November 17, 2010

William J. Clinton Presidential Library and Museum, Little Rock, Arkansas

Directly across the river from where we were camping is the William J. Clinton Presidential Library and Museum. It sits right on the Arkansas River, within walking distance of downtown Little Rock, and is part of a major redevelopment project in the city. Being "The Man" to those of us in Generation X, the Clinton Library was a must see place to go while in Little Rock.

The Taylor-Lenz Family next to Clinton's Limo
Love him or hate him, Bill Clinton certainly played a major role in the happenings of the 1990's. For those of us in Generation X, he is mostly a rock star. I suspect the reasons for it have to do with where our lives were in our generation. At the time, we were in college or newly out of college, still idealistic, still optimistic, and everything seemed right with the world with Bill in charge. The economy was booming, the deficits were now surpluses, the world was mostly at peace (even Israel and Palestine seemed close), the Iron Curtain was down, the environment seemed to be getting cleaned up, and job opportunities seemed to abound.

The Timeline Boards
Were all those things all solely because of Bill Clinton? No, of course not. But, probably much like JFK for a generation before him, having a young, energetic guy at the helm and things going well around us, it just seemed like it was meant to be.

Re-creation of his Oval Office setup
Visiting this museum, a couple of things really seemed to stand out. First of all, not placing blame here, but when you contrast the way the world seemed then and the way it feels now and for most of the 2000's, the contrast could not seem any starker.

There was no Great Recession. No massive deficits. No continual wars in Middle Eastern countries. No constant fear mongering on terrorism. Everything that was bad then now seems so trivial.  Many in the older generations will disagree, but seriously, an affair was the big issue to impeach a president?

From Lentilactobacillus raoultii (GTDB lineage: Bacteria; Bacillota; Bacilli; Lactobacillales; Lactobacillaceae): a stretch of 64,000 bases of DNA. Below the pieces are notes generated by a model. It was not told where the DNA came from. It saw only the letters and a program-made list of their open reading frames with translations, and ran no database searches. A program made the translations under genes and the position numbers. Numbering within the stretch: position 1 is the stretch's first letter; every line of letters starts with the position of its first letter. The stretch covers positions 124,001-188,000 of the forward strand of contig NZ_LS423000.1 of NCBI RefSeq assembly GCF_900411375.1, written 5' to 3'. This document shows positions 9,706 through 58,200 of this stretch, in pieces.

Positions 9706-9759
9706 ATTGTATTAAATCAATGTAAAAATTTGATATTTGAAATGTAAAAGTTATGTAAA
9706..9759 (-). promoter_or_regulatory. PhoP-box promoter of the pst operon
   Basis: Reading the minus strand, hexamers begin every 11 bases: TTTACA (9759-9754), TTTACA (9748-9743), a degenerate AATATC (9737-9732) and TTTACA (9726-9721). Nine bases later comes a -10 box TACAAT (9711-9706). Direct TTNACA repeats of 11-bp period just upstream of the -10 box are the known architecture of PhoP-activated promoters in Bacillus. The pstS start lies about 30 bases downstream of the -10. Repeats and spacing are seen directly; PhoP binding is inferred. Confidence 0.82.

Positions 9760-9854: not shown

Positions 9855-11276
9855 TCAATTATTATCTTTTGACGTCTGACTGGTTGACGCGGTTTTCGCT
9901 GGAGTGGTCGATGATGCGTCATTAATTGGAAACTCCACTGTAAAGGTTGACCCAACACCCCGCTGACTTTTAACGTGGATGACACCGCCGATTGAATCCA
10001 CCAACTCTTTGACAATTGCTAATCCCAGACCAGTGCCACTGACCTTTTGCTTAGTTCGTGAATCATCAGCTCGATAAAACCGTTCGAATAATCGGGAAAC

How times have changed...

View of the Presidential Park (still in progress) and Downtown Little Rock
As for the museum, it is a bit overboard. It had too many video monitors playing too close together, so that was distracting. I thought they tried to make the inside too flashy. I enjoyed the 13 minute biographical film. I really didn't care much one full floor dedicated to "stuff" given to them on foreign visits.

For kids, they did have some activities, but mostly they were for older ones. We made a "campaign" button for Hilina, which mostly advocated for her favorite color of pink. She voted in an election for her favorite ice cream (strawberry because it's pink) and then she was disappointed that she didn't get any afterwards. But, she especially loved the shaking hands exhibit.

Hilina is a politician in training
I felt there was more and different things they could have done with it. I personally thought the JFK library in Boston, Lyndon Johnson museum in Texas, and the Gerald Ford museum in Grand Rapids were better. But, it was free this day because it was the 6th anniversary of the opening, and free is a very good price!

View of the redevelopment on the river.
This bridge will become a bike path/pedestrian route on the river loop.
Our RV park is directly on the other side
Bill Clinton seemed to have an understanding of people in a way none of the more recent presidents, including the current one, does. He could talk to a "wacko environmentalist" audience one day, a poor inner city black crowd the next, and rich country club whites after that, and each seemed to think he knew them best and he was one of them. I think those ways of thinking and relating are what led to things as wide ranging as Welfare Reform, NAFTA, the Family Leave Act, The Northwest Forest Plan, the Children's Health Insurance Plan, and his mostly successful Middle East peace accords.

The Making Peace Exhibit
Of course, from my standpoint some of the most important things were his initiatives on the environment. Bill Clinton's Administration had a profound impact on protecting the natural resources of this country. Whether it was the development of the Northwest Forest Plan, setting aside 11 national monuments in some of the most imperiled ecosystems in the country, including our personal favorite Grand Staircase-Escalante, strengthening the Clean Water and Clear Air Act, or one of his last moves in creating the Roadless Rule to protect the last remaining stretches of roadless areas in our National Forest; his moves were significant, even if some oil/coal/mining companies and ranchers were pretty tee'd off about it.

Display on the Environmental Achievements
Bill Clinton is a larger than life character. Not being as concious of things before him, I can't remember if a previous president was as polarizing as he was (perhaps it has always been this way). But, I never understood the vitriol and hatred of this man. You can disagree with his policies, (and even I didn't agree with everything he did) but the strategy of personal destruction so many used against him just never made sense to me. As such, he will always remain one of my favorite presidents.

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